Even if you don’t have a big garden, with microgreens you’ll still have the opportunity to eat freshly harvested greens (not to mention this is a fun thing to include kiddos or your inner kid in). I absolutely love having some microgreens growing in the house, it’s a gorgeous high-vibe interior touch and it’s also like having a few hundred besties around (yup, you can talk to them too). So go ahead and purchase some top quality organic seeds (important!), a bag of rich organic soil fit for seedlings and follow sowing instructions on the seed packets. Keep in a sunny spot and water as suggested on the specific packet. And friends, no cheating with the quality of the soil you use, ok? Remember this; that same quality and minerals (or lack of) will later be inside your microgreens meaning this makes a hell of a lot of difference when it comes to the end result. Harvesting time comes around when your tiny plants have gotten their so called ”heart leaves”. Heart leaves are the first pair of leaves on all plants, these resemble hearts and have none of the characteristics that the next pair of leaves will but all of the flavor. The most important thing I’d say is not weather you let your plants grow for 7 or 14 days, it’s that you harvest just before you’re planning to savor them in a meal. If you do this your greens will still be bursting with life force and nutrients going straight into your system insted of loosing a high percentage of these during storage. With Microgreens you can have it all, all year around and still be incredibly kind to the earth and your body.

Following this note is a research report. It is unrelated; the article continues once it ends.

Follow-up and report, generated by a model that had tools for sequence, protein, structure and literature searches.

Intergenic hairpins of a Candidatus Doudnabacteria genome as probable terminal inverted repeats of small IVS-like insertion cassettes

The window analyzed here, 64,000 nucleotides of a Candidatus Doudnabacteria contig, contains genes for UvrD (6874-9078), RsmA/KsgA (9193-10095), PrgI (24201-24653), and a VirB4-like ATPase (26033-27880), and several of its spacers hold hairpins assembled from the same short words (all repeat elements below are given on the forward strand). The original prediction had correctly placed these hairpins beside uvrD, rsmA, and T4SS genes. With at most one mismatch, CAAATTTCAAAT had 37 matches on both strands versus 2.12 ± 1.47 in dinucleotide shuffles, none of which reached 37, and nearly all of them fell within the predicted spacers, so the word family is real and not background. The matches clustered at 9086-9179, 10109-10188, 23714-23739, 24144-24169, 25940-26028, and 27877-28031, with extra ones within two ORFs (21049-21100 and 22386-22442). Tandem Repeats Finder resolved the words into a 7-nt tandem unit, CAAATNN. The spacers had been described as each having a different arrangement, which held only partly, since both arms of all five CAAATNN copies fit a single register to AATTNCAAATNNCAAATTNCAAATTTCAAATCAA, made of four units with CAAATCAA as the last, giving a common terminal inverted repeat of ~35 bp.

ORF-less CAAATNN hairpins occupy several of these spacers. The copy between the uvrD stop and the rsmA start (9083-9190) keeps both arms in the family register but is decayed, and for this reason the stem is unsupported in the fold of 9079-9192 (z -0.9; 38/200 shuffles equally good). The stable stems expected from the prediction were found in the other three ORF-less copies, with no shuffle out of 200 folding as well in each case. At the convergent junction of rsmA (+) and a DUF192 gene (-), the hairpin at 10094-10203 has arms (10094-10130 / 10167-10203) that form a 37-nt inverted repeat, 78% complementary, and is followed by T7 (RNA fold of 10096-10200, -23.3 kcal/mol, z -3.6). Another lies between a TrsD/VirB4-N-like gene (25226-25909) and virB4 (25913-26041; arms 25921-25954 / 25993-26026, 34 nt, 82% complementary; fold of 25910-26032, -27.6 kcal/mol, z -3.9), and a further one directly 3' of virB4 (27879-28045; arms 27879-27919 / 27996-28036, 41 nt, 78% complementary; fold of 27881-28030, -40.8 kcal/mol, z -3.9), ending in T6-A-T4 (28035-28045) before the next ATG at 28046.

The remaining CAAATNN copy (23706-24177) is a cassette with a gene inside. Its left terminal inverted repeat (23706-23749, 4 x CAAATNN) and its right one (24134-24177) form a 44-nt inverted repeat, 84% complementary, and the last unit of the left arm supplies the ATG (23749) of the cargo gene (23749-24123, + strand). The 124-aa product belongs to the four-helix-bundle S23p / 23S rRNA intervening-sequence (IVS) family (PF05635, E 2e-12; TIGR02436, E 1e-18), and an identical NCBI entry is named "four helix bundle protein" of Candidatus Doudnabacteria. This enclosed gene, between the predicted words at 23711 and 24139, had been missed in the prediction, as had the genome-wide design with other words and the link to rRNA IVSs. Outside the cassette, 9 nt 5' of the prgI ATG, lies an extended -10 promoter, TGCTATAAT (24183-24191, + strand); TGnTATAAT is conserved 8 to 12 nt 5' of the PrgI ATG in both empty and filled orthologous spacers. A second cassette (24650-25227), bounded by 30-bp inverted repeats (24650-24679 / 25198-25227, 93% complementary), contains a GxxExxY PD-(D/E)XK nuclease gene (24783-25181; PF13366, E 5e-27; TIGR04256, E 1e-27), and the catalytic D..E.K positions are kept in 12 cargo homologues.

So, is microgreens better then sprouts you ask? Well, microgreens grow in actual soil instead of just water and this enhances it’s nutritional value. Also microgreens are often exposed to more sunlight, meaning they develop and carry a wider array of nutrients, not only the alkalizing and healing chlorophyll. As microgreens are older then sprouts they also have a higher amount of fiber in them. Then again, sprouts have other benefits. My final thought is this: Whichever way you do it, upping your intake of top quality greens and vegetables will love up your body in soul in plenty of amazing and tasty ways. Sprouts! Microgreens! Grownup veggies! Munch away!

Sunchokes Three Ways + Microgreens & Black Quinoa

Sunchokes Three Ways w Black Quinoa & Microgreens

Jerusalem artichokes, sunchokes.. this darling has got plenty of names and is widely loved and used around the world. My favourite way to eat sunchokes is either slow-roasted or raw and thinly sliced so I though why not combine these two!? The Umami Sunchoke Sause is based on the slow-roasted ones so it’s super easy to prepare (and later savor) and while some roots are in the oven you  have your hands free to prepare the quick-pickled sunchokes and a big-ass microgreens salad. Add the gorgeous black quinoa for some extra bounce and turn it all into a salad or plate it as in the pictures for a true eat-the-season-feeling.